Much Ado about Space Debris

The Washington Times (Washington, DC), April 25, 2007 | Go to article overview

Much Ado about Space Debris


Byline: James Hackett, THE WASHINGTON TIMES

China's deliberate destruction of one of its own satellites in a January test of an anti-satellite (ASAT) weapon has led to much hand-wringing about the creation of space debris, reinvigorating the opponents of weapons in space. Orbiting debris is dangerous, but the danger has been greatly exaggerated and is no reason for new unenforceable arms control agreements.

When the space age began 50 years ago there were no man-made objects in space. Since then, Space Command has tracked more than 25,000 objects of baseball size or larger. More than 10,000 have fallen into the atmosphere and disintegrated or landed, but in 50 years not one person anywhere on Earth has been killed or injured by falling debris.

Space debris is only slightly more likely to strike one of the 850 active spacecraft. Most are in low Earth orbit below about 800 miles. These operational spacecraft are only 6 percent of the objects tracked. The rest is space junk that includes inactive satellites, spent rockets, debris from exploding rockets and just plain trash. Space Command monitors debris to identify threats and alerts operators of satellites to move out of the way if they appear to be in danger.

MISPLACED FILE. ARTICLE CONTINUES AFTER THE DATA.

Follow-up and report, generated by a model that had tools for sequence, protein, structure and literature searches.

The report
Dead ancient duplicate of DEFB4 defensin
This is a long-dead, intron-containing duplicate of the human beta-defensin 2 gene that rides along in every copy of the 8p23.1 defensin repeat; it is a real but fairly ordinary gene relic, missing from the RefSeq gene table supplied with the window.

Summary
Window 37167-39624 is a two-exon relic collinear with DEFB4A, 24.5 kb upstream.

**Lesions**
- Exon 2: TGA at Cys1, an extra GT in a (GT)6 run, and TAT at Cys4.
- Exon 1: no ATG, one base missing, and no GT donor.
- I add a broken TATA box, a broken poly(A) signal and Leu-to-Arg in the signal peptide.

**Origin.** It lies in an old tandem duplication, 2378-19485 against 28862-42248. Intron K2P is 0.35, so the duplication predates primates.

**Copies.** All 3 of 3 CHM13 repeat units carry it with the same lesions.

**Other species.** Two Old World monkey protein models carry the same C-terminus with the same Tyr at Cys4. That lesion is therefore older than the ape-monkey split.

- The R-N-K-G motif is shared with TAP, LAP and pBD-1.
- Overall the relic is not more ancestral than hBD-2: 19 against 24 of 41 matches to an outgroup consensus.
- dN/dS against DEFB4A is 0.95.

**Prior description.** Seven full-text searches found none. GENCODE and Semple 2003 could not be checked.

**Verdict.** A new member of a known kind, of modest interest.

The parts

Some 80 percent of debris orbits between 500 and 600 miles altitude. The Chinese test, at 527 miles, created more debris right where traffic is heaviest. Air Force Space Command is tracking more than 1,000 pieces of debris from the Chinese test, plus 14,000 that were there before. So far, none has hit an active spacecraft. In fact, over the last 50 years there have been only three documented debris impacts with operational spacecraft, and none have been destroyed.

A Space Command Web site describing the Space Surveillance Network that tracks debris notes there is only a small amount in the low orbits of the space shuttle and space station, and gives a worst-case estimate of 1 chance in 10,000 years of a piece of debris of baseball size or larger hitting either one.

Even in the debris-heavy area around 500 miles altitude, Space Command says normally there are only three or four objects orbiting in an area equivalent to the airspace over the continental United States up to an altitude of 30,000 feet. Thus, it states, the likelihood of a collision is very small.

Now there are reports U.S. intelligence agencies knew about and monitored Chinese preparations for the ASAT test, but senior administration officials decided to say nothing to deter Beijing in orderto protect intelligence methods. …

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